An Evaluation of Dirlotapide (Slentrol®) in Obese and Overweight, Client-owned Dogs in Two Placebo-controlled Clinical Studies in Europe
J. Gossellin1; J. McKelvie1; J. Sherington1; J.A. Wren2; J.S. Eagleson3; T.G. Rowan1; S.J. Sunderland1
Dirlotapide is a novel microsomal triglyceride transfer protein inhibitor developed to treat obesity in dogs.
To evaluate the efficacy and clinical safety of dirlotapide for weight reduction in overweight, adult dogs presenting at veterinary clinics in two masked, multi-centre studies (A and B) with parallel designs.
Overweight dogs (245 of various breeds) were randomised to treatment with dirlotapide or placebo in a 2:1 ratio. Dirlotapide was administered orally once daily at an initial dose of 0.05 mg/kg/day and doubled after 14 days. Dogs were examined, weighed, body condition scores (BCS) were recorded, and dosage was adjusted individually for each patient every 28 days until ideal BCS was attained or for up to 196 days. Owners maintained pre-treatment feeding regimens.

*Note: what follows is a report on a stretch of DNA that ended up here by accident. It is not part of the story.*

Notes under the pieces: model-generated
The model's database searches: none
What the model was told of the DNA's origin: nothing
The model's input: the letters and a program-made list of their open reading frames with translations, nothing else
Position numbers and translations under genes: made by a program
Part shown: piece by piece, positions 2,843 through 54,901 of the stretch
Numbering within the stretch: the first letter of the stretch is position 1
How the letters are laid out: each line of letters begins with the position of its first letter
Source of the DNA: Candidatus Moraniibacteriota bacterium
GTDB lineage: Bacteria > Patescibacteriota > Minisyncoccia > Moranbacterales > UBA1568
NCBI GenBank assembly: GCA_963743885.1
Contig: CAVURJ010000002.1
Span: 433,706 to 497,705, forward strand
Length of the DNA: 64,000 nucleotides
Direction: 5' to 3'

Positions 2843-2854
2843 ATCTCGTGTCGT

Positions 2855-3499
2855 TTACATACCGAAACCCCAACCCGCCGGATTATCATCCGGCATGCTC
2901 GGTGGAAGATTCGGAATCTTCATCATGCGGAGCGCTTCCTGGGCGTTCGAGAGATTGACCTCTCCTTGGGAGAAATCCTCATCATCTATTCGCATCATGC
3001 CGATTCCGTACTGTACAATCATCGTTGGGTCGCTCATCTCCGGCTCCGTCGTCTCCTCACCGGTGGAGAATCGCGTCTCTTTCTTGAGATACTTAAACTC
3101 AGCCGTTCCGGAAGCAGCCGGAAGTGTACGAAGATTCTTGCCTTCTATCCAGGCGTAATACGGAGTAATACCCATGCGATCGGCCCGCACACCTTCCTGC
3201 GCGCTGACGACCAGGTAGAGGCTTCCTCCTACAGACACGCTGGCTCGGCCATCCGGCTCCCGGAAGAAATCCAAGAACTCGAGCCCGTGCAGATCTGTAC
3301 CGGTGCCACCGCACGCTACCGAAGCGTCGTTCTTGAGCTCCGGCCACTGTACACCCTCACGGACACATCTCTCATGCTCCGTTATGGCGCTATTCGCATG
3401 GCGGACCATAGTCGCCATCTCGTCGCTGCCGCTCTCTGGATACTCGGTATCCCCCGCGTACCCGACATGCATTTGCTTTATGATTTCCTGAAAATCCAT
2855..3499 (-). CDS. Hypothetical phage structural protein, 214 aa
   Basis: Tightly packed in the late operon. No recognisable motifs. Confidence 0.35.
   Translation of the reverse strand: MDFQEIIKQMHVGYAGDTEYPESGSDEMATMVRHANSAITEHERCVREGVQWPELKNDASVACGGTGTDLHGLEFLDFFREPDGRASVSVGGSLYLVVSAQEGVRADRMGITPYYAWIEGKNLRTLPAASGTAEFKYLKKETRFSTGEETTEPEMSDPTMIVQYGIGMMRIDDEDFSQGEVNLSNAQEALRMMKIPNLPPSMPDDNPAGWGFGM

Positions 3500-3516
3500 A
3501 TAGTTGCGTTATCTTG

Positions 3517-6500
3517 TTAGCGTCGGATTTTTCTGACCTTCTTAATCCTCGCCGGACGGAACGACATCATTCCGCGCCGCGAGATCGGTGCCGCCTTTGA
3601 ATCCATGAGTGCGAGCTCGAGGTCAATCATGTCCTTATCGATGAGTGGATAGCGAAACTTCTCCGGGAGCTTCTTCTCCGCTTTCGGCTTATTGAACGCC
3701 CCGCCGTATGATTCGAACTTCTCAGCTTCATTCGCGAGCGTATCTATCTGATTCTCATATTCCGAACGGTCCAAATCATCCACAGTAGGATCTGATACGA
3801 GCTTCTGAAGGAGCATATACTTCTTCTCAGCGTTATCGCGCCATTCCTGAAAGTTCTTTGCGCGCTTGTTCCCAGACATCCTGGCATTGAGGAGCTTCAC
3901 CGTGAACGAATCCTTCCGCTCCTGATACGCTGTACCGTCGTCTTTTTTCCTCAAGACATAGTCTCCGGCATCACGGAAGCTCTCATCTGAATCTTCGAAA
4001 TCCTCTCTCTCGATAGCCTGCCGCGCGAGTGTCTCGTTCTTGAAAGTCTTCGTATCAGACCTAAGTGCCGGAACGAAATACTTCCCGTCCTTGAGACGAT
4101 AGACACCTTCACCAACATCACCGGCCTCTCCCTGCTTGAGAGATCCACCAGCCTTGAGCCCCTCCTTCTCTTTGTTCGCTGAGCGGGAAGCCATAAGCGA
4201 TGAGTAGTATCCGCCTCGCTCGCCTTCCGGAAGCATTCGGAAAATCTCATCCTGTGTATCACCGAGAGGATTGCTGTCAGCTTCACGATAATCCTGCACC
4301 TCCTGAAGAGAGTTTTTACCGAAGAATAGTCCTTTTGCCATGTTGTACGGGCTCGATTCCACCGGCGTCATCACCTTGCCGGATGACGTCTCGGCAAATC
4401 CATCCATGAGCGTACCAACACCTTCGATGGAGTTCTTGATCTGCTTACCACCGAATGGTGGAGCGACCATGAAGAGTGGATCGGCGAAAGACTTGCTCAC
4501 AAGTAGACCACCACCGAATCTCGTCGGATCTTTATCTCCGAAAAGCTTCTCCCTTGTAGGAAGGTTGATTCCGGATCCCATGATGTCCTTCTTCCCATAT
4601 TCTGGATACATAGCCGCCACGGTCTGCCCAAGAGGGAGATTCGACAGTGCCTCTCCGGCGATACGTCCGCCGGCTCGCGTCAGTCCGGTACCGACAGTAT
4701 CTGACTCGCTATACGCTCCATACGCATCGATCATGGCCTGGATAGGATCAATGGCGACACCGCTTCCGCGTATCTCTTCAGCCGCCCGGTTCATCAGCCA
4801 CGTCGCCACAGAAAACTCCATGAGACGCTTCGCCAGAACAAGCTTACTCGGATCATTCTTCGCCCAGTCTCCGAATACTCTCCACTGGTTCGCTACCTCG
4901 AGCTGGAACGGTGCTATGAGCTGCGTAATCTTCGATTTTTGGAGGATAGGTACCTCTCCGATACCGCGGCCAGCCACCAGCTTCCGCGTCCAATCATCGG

During treatment for up to 196 days, dirlotapide and placebo-treated dogs showed respective mean weight losses of 15.9% and 5.3% (A) and 14.0% and 1.7% (B). Percentage weekly weight losses for dirlotapide were significantly (P<0.0002) greater than for placebo: 0.76% vs. 0.24% (A); 0.70% vs. 0.09% (B). After 196 days, dirlotapide-treated dogs showed mean weight losses of 20.9% (A) and 18.4% (B). Emesis and diarrhoea were experienced in both treatments but were more frequent with dirlotapide. At study completion, mean dirlotapide dosage were 0.38 (A) and 0.29 (B) mg/kg initial body weight/day.
Dirlotapide was found to be clinically safe and effective in the reduction of body weight in overweight dogs fed a variety of diets.